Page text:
When Things Go Right – Cheaters Olive Bread

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by Michael on October 30, 2012 · 1 comment

in Bread,Recipes,Technique

I had planned to write-up a pasta dish; rigatoni with roasted butternut squash, garlic, sage  and shiitake mushrooms. But along the way I decided to make some bread. It was noon and that seemed like an idea too late.

About two years ago I had read a no kneading simple bread recipe but I forgot about it since it needed 12 to 18 hours to rise. Who has 18 hours? And it sounded just wrong. Mix up flour, water, salt and yeast in a bowl and let it sit. Bake it in a Dutch oven and done. Perfect crust. Perfect texture. Bread baking is hard. Right?

Here is the article by Mark Bittman http://www.nytimes.com/2006/11/08/dining/081mrex.html?_r=0 and you should probably check out Jim Lahey at The Sullivan Street bakery: http://www.sullivanstreetbakery.com He came up with the basic technique.

Anyway, what I wrongly remembered was that it was quick. And with the gloom and doom of Sandy washing in, I thought filling the house with the smell of fresh olive bread might make the family happy. The other thing I know is that I don’t bake – too many rules. It’s not that I can’t, it’s just the weighing and timing and all that. With cooking, I can fake just about any technique. Not that I do, but I can. Baking? Not so much.

But now, I can cheat baking as well! Well not really. But for a good loaf with a perfect crust and texture? Yup. This still needs several hours, but little work. It works. For basic bread, just use 1 1/2 tablespoons salt and replace the brine with water.

Cheaters Olive Bread


2 1/2 cups all purpose flour
1/2 cup semolina flour
½ cup chopped kalamata olives
1 tablespoon garlic salt
½ cup olive brine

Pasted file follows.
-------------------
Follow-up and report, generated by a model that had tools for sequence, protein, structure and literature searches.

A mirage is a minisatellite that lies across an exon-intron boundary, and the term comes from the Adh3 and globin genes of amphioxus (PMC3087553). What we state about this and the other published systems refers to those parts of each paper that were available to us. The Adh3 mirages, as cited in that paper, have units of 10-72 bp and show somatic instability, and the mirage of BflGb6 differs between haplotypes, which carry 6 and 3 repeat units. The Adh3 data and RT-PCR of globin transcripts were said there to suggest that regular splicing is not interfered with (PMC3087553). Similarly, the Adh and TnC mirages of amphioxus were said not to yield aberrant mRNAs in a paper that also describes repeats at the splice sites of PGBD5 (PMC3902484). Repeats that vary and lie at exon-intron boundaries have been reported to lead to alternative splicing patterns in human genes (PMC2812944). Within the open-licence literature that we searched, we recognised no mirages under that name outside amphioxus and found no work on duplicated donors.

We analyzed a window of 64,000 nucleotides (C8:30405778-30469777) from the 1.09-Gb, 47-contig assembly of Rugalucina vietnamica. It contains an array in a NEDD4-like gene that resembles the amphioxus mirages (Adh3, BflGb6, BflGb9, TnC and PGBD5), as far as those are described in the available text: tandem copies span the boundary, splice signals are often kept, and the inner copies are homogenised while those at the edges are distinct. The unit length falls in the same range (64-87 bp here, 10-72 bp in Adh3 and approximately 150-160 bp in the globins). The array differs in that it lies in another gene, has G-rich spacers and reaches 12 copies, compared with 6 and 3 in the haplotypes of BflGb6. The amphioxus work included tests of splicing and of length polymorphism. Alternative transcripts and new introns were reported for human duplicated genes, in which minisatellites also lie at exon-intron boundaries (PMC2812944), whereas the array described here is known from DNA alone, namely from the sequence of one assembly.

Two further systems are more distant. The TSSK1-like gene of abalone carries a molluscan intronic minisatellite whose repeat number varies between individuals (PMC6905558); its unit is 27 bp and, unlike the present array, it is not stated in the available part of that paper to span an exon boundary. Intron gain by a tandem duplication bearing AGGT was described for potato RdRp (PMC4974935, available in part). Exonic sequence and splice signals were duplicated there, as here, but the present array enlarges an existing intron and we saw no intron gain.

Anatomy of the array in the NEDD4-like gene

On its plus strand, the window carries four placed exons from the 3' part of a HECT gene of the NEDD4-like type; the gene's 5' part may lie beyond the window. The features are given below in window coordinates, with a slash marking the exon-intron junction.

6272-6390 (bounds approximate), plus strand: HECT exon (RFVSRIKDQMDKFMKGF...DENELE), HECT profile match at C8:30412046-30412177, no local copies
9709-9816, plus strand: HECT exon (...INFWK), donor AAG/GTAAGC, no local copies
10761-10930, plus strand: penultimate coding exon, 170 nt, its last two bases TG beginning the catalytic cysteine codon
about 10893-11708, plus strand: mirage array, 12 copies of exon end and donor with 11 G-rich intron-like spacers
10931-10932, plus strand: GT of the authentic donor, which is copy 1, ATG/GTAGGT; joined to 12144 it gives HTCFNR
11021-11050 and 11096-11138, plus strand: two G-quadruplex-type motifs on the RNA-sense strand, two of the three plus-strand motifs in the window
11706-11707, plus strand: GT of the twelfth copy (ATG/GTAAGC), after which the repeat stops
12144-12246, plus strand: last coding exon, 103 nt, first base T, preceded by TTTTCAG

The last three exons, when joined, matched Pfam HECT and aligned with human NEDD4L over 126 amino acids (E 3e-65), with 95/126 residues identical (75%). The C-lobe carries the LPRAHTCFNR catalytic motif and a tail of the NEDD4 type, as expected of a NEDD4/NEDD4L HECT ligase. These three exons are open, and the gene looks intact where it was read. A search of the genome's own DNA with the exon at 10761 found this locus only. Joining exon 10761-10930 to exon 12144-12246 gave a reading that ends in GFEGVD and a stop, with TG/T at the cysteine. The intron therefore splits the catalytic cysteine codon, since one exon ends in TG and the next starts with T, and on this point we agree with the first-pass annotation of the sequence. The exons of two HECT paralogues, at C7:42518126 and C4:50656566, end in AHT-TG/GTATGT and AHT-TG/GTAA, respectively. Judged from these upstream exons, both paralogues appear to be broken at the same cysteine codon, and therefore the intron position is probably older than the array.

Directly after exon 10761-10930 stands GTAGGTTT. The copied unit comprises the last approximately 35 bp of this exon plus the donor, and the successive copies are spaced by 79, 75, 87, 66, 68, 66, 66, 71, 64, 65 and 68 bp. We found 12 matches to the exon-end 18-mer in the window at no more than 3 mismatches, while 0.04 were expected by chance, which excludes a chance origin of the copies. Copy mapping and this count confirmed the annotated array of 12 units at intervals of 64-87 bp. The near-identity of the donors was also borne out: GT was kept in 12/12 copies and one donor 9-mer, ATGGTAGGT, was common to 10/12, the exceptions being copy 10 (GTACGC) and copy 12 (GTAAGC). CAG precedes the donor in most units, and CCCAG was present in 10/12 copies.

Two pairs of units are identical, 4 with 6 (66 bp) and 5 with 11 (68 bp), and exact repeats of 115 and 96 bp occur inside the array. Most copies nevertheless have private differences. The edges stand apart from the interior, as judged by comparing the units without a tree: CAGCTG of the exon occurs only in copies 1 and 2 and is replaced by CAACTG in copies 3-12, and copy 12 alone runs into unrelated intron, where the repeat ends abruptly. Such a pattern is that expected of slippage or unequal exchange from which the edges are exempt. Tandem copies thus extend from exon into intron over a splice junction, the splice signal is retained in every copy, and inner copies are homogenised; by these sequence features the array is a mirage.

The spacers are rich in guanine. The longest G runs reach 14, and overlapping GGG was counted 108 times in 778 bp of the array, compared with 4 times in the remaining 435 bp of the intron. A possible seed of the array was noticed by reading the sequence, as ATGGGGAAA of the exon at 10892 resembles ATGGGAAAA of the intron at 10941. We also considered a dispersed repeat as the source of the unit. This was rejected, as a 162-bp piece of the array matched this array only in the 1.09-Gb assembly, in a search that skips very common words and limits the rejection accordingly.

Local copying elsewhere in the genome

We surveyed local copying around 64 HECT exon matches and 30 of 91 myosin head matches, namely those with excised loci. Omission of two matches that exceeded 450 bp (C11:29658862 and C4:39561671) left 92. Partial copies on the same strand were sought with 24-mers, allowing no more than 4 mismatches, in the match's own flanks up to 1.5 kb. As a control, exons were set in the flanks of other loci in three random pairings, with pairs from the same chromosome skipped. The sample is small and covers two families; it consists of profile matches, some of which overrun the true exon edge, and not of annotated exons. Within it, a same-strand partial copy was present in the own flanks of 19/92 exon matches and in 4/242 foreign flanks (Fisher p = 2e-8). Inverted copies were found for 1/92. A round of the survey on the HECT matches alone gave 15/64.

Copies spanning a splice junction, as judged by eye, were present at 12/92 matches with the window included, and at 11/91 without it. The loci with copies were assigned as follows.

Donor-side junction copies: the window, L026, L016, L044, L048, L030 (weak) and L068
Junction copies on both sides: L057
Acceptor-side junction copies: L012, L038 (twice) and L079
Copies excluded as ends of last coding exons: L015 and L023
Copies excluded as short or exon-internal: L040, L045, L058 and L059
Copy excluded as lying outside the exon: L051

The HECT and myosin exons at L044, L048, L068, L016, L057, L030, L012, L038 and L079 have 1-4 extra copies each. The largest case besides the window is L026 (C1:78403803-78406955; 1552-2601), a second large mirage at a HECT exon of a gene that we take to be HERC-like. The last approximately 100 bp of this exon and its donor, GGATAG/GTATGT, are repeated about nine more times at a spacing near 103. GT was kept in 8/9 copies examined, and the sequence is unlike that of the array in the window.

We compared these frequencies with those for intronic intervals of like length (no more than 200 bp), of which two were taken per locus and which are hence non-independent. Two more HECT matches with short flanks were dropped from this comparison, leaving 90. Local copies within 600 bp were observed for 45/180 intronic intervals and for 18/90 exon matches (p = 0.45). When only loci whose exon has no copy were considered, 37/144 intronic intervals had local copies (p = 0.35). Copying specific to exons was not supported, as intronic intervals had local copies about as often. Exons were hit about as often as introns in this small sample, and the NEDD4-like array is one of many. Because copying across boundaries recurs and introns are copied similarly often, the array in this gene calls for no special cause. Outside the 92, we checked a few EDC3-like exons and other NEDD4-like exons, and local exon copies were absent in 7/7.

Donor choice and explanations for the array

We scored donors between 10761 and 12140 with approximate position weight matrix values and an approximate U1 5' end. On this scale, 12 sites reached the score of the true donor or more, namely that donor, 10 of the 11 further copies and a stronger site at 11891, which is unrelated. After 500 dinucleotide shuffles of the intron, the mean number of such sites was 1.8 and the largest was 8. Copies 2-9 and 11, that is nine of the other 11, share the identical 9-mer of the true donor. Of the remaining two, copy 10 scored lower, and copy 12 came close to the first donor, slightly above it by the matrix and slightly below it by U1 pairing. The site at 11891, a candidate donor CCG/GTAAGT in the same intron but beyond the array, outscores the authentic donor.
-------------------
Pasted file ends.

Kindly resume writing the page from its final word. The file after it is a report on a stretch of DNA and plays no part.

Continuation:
1 ¼ cups water
1 ½ 2 packets quick rise yeast (it has to be quick rise) 10.5 grams.
1 oven proof Dutch oven with a lid – required.

Reserve for the last part:
1/2 cup all-purpose flour
1/2 cup semolina flour


Mix all the ingredients together in a bowl.
Cover with damp kitchen towel and let rise for 4 hours or so in a 70 degree spot.

Make sure to use a cloth and not a terry towel.

Lay out the towel  and flour the center with half of the flour and the semolina flour.
Turn out the dough onto the towel and cover both sides with a bit of the mixed flour.
Add more as needed.
Fold the dough in 1/2 twice and form into a round
Cover with the towel and let rise ½ hour.

Place the Dutch oven in the oven and turn on to 450 degrees

When the oven reaches 450. Fold the dough into the pot and cover.
Bake for 30 minutes and remove the lid.
Bake for another 15 minutes and remove

Let the loaf cool on a rack for at least 15 minutes before cutting.

Other than the cooking time, time is flexible. If it needs to rise for 8 hours, let it rise. And really, once it’s in the towel, it can rise for up to 2 hours.


{ 1 comment… read it below or add one }

1 Ally Muscarella November 5, 2012 at 1:23 AM



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